I know the Canadian government has an on-again, off-again relationship with intelligence. But can it not at least take what its protectors give it at face value and use it to craft policies that make sense?
By working together, Canada and Indigenous nations can sustain these important lands for future generations. We can offer a model for the world of conservation rooted in respect, responsibility and reconciliation.
It is a flawed attempt to buy permission for a major industry to continue producing a product that is harming the planet and that is increasingly reviled globally. That this is the best we can do is distressing.
The following is an excerpt from Indigenous Nationals Canadian Citizens: From First Contact to Canada 150 and Beyond, by Thomas J. Courchene, which has been shortlisted along with four other books for this year's Donner Prize, the best public policy book of the year by a Canadian. The winner will be announced on May 1 in Toronto.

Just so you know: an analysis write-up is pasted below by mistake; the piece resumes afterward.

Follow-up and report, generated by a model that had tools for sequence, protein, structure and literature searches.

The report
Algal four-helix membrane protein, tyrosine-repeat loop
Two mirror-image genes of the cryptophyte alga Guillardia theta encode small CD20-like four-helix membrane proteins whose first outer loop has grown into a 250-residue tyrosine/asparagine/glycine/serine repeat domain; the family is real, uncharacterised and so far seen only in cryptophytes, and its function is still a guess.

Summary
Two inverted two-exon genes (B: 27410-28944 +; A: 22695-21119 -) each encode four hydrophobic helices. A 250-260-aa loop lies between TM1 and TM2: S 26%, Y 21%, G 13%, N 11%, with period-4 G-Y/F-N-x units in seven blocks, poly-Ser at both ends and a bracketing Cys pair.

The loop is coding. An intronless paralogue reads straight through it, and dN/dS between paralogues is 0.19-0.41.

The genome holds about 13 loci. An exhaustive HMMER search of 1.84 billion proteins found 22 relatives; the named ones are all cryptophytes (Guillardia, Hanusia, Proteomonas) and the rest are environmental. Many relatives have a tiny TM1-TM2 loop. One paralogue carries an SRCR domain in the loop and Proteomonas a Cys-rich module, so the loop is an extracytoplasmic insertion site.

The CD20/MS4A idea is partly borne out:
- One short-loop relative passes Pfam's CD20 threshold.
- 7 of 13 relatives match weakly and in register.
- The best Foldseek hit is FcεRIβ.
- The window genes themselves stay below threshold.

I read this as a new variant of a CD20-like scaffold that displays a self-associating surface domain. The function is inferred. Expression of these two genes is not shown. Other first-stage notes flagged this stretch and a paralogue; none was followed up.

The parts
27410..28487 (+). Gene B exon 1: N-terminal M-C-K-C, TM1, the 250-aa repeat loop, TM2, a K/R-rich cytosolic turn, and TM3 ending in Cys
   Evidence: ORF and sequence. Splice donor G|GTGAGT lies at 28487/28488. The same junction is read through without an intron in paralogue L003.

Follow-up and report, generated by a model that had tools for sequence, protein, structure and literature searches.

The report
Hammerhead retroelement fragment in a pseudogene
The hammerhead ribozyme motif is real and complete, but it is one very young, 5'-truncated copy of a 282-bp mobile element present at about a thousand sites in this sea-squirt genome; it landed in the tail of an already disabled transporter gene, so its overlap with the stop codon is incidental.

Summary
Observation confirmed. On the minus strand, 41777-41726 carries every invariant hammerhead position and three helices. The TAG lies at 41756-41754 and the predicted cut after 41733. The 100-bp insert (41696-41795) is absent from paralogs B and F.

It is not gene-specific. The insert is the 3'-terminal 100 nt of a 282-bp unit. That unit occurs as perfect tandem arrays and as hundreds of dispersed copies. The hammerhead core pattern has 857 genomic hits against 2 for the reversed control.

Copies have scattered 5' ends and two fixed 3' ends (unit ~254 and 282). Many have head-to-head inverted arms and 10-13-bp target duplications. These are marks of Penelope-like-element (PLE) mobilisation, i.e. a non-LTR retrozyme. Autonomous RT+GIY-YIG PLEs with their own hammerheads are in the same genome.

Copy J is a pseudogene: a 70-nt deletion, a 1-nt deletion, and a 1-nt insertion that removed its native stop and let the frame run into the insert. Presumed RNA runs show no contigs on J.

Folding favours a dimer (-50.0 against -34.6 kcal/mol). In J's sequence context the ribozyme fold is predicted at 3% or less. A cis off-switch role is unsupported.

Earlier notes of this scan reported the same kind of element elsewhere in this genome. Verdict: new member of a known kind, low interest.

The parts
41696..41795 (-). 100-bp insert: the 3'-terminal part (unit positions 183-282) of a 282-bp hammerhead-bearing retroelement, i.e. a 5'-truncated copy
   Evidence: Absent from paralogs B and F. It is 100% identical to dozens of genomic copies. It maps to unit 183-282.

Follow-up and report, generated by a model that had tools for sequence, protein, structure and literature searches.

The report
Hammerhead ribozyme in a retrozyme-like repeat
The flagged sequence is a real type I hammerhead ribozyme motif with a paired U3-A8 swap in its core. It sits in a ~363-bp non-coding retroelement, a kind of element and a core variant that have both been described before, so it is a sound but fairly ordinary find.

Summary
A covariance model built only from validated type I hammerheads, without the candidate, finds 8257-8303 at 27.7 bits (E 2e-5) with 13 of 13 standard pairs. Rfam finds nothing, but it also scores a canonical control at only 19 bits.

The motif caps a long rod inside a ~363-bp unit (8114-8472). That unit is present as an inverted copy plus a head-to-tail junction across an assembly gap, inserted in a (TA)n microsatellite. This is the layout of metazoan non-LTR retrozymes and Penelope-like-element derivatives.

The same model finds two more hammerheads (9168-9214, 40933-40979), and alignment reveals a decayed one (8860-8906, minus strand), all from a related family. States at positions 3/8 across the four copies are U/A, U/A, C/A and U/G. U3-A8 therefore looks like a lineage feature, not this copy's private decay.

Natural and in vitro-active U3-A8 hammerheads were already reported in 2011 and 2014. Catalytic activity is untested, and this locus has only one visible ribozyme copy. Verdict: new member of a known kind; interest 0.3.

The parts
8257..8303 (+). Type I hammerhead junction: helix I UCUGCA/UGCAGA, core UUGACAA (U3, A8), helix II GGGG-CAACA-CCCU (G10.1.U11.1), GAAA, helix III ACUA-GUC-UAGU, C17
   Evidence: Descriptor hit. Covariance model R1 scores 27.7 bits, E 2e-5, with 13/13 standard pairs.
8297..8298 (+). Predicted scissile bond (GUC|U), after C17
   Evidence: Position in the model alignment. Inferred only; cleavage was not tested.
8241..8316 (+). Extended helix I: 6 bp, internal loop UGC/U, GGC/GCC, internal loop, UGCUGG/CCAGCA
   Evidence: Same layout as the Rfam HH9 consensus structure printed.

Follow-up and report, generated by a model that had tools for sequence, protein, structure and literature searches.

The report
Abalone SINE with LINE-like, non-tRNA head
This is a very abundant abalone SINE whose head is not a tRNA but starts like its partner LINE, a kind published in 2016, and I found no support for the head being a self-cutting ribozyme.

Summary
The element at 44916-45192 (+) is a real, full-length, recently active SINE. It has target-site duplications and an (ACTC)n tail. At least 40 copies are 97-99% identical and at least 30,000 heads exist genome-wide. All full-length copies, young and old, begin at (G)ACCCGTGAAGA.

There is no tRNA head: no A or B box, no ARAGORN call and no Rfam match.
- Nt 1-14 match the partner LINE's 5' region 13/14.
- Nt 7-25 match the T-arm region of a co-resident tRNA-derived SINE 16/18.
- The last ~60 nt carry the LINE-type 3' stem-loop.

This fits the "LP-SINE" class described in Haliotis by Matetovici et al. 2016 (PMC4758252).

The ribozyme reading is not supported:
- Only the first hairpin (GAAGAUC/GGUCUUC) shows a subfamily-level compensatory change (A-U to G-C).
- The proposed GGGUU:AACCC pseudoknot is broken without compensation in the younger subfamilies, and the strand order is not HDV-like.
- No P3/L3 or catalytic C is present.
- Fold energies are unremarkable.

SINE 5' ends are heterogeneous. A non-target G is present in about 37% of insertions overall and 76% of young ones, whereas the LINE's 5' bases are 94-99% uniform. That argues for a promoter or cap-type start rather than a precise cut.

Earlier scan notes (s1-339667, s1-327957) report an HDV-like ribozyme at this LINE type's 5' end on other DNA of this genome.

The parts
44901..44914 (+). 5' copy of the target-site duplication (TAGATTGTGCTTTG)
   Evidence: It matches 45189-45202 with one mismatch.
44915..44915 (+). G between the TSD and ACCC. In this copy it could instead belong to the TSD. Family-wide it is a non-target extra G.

On top of $301.8-billion in planned spending in the 2019-10 main estimates—combining $299.6-billion in budgetary spending and $2.2-billion in non-budgetary expenses—is another $51.2-billion in statutory expenses.
There was and is a huge public interest involved in the work of WikiLeaks. In a few shining moments, and with great courage, Assange handed millions of people who were staggering around in a midnight of lies imposed on them by their governments a torch. Nothing shines as brightly as facts.